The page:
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Group Reputation and the Dynamics of Statistical Discrimination

Author

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  • Kim, Young Chul
  • Loury, Glenn

Abstract

Previous literature on statistical discrimination explained stereotypes based on the existence of multiple equilibria, in which principals have different self-confirming beliefs about different social groups (Arrow, 1973; Coate and Loury, 1993). However, the literature has not provided an account of where the principals' prior beliefs come from. Moreover, the static models dominating the literature do not offer relevant information about the dynamic paths that lead to each equilibrium. This paper develops a dynamic version of statistical discrimination in which economic players' forward-looking behaviors determine the dynamic paths to each equilibrium. Defining ``Group Reputation'' as the objective information shared by principals regarding the average characteristics of agents belonging to each group, this study identifies groups as advantaged or disadvantaged, based on their initial reputation states, and provides conditions by which a group can switch from one reputation state to another. By understanding this dynamic structure of reputation evolution, we examine the strategy that well-coordinated principals may voluntarily utilize to maximize their profits, helping the group in the reputation trap to improve its skill investment rate.

Suggested Citation

  • Kim, Young Chul & Loury, Glenn, 2009. "Group Reputation and the Dynamics of Statistical Discrimination," MPRA Paper 18765, University Library of Munich, Germany.
  • Handle: RePEc:pra:mprapa:18765
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    File URL: https://mpra.ub.uni-muenchen.de/18765/1/MPRA_paper_18765.pdf
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    References listed on IDEAS

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    1. Adsera, Alicia & Ray, Debraj, 1998. "History and Coordination Failure," Journal of Economic Growth, Springer, vol. 3(3), pages 267-276, September.
    2. David Card & Alexandre Mas & Jesse Rothstein, 2008. "Tipping and the Dynamics of Segregation," The Quarterly Journal of Economics, Oxford University Press, vol. 123(1), pages 177-218.
    3. O'Flaherty, Brendan & Sethi, Rajiv, 2008. "Racial stereotypes and robbery," Journal of Economic Behavior & Organization, Elsevier, vol. 68(3-4), pages 511-524, December.
    4. Shubham Chaudhuri & Rajiv Sethi, 2008. "Statistical Discrimination with Peer Effects: Can Integration Eliminate Negative Stereotypes?," Review of Economic Studies, Oxford University Press, vol. 75(2), pages 579-596.
    5. Lawrence E. Blume, 2006. "The Dynamics of Statistical Discrimination," Economic Journal, Royal Economic Society, vol. 116(515), pages 480-498, November.
    6. Roland G. Fryer Jr. & Glenn C. Loury, 2005. "Affirmative Action and Its Mythology," Journal of Economic Perspectives, American Economic Association, vol. 19(3), pages 147-162, Summer.
    7. Moro, Andrea & Norman, Peter, 2004. "A general equilibrium model of statistical discrimination," Journal of Economic Theory, Elsevier, vol. 114(1), pages 1-30, January.
    8. Paul Krugman, 1991. "History versus Expectations," The Quarterly Journal of Economics, Oxford University Press, vol. 106(2), pages 651-667.
    9. Levin Jonathan, 2009. "The Dynamics of Collective Reputation," The B.E. Journal of Theoretical Economics, De Gruyter, vol. 9(1), pages 1-25, August.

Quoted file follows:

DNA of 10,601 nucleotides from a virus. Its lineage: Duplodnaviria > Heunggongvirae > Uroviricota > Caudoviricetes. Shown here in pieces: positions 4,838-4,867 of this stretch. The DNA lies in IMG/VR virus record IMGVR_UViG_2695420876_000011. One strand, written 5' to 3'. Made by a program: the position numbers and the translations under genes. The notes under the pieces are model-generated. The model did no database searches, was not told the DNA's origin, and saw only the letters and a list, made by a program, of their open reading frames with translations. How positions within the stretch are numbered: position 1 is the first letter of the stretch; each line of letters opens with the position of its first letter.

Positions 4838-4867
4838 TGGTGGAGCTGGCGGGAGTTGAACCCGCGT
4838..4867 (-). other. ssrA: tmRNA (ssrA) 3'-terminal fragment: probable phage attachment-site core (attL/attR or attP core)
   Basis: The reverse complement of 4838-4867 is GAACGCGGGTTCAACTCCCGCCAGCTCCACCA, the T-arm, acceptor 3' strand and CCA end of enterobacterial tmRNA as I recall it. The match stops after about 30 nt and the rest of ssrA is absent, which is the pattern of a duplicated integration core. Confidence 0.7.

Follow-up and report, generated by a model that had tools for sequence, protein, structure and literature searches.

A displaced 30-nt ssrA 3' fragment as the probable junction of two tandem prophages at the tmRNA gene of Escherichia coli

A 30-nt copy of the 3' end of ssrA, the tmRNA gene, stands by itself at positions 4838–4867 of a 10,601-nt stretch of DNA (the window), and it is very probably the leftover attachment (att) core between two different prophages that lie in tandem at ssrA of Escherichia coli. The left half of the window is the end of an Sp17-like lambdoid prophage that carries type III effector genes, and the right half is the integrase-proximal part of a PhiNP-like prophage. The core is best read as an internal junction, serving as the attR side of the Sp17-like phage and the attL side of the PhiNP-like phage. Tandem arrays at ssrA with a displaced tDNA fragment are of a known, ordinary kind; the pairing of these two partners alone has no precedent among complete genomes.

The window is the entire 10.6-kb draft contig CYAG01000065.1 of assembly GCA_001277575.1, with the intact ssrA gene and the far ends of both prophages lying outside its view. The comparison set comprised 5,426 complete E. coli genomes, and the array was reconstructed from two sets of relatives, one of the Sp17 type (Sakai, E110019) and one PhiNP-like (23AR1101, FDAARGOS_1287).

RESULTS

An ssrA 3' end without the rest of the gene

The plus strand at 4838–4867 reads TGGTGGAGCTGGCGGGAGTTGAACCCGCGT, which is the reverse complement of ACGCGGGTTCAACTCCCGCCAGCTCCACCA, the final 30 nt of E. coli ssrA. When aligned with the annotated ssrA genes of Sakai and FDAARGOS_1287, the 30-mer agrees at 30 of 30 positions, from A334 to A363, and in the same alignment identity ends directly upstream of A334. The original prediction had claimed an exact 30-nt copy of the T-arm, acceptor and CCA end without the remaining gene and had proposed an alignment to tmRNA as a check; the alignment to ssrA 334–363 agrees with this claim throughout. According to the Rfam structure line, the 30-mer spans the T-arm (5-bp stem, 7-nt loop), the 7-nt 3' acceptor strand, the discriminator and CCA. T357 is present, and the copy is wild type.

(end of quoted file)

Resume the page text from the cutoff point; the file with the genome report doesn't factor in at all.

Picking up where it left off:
10. Schwab, Stewart, 1986. "Is Statistical Discrimination Efficient?," American Economic Review, American Economic Association, vol. 76(1), pages 228-234, March.
    11. Peter Norman, 2003. "Statistical Discrimination and Efficiency," Review of Economic Studies, Oxford University Press, vol. 70(3), pages 615-627.
    12. Samuel Bowles & Glenn C. Loury & Rajiv Sethi, 2014. "Group Inequality," Journal of the European Economic Association, European Economic Association, vol. 12(1), pages 129-152, February.
    13. Roland Fryer & Glenn C. Loury & Tolga Yuret, 2003. "Color-Blind Affirmative Action," NBER Working Papers 10103, National Bureau of Economic Research, Inc.
    14. Kim, Young Chul, 2009. "Lifetime Network Externality and the Dynamics of Group Inequality," MPRA Paper 18767, University Library of Munich, Germany.
    15. Coate, Stephen & Loury, Glenn C, 1993. "Will Affirmative-Action Policies Eliminate Negative Stereotypes?," American Economic Review, American Economic Association, vol. 83(5), pages 1220-1240, December.
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    Cited by:

    1. Raymond Fisman & Daniel Paravisini & Vikrant Vig, 2017. "Cultural Proximity and Loan Outcomes," American Economic Review, American Economic Association, vol. 107(2), pages 457-492, February.
    2. Juan Camilo Cárdenas & Hugo Ñopo & Jorge Luis Castañeda, 2012. "Equidad en la Diferencia: Políticas para la Movilidad Social de Grupos de Identidad. Misión de Movilidad Social y Equidad," DOCUMENTOS CEDE 010319, UNIVERSIDAD DE LOS ANDES-CEDE.
    3. Kevin Lang & Jee-Yeon K. Lehmann, 2012. "Racial Discrimination in the Labor Market: Theory and Empirics," Journal of Economic Literature, American Economic Association, vol. 50(4), pages 959-1006, December.
    4. Kim, Young Chul, 2009. "Lifetime Network Externality and the Dynamics of Group Inequality," MPRA Paper 18767, University Library of Munich, Germany.

    More about this item

    Keywords

    Statistical Discrimination; Group Reputation; Reputation Trap; Forward-Looking Behavior;

    JEL classification:

    • H0 - Public Economics - - General
    • J60 - Labor and Demographic Economics - - Mobility, Unemployment, Vacancies, and Immigrant Workers - - - General
    • J71 - Labor and Demographic Economics - - Labor Discrimination - - - Hiring and Firing

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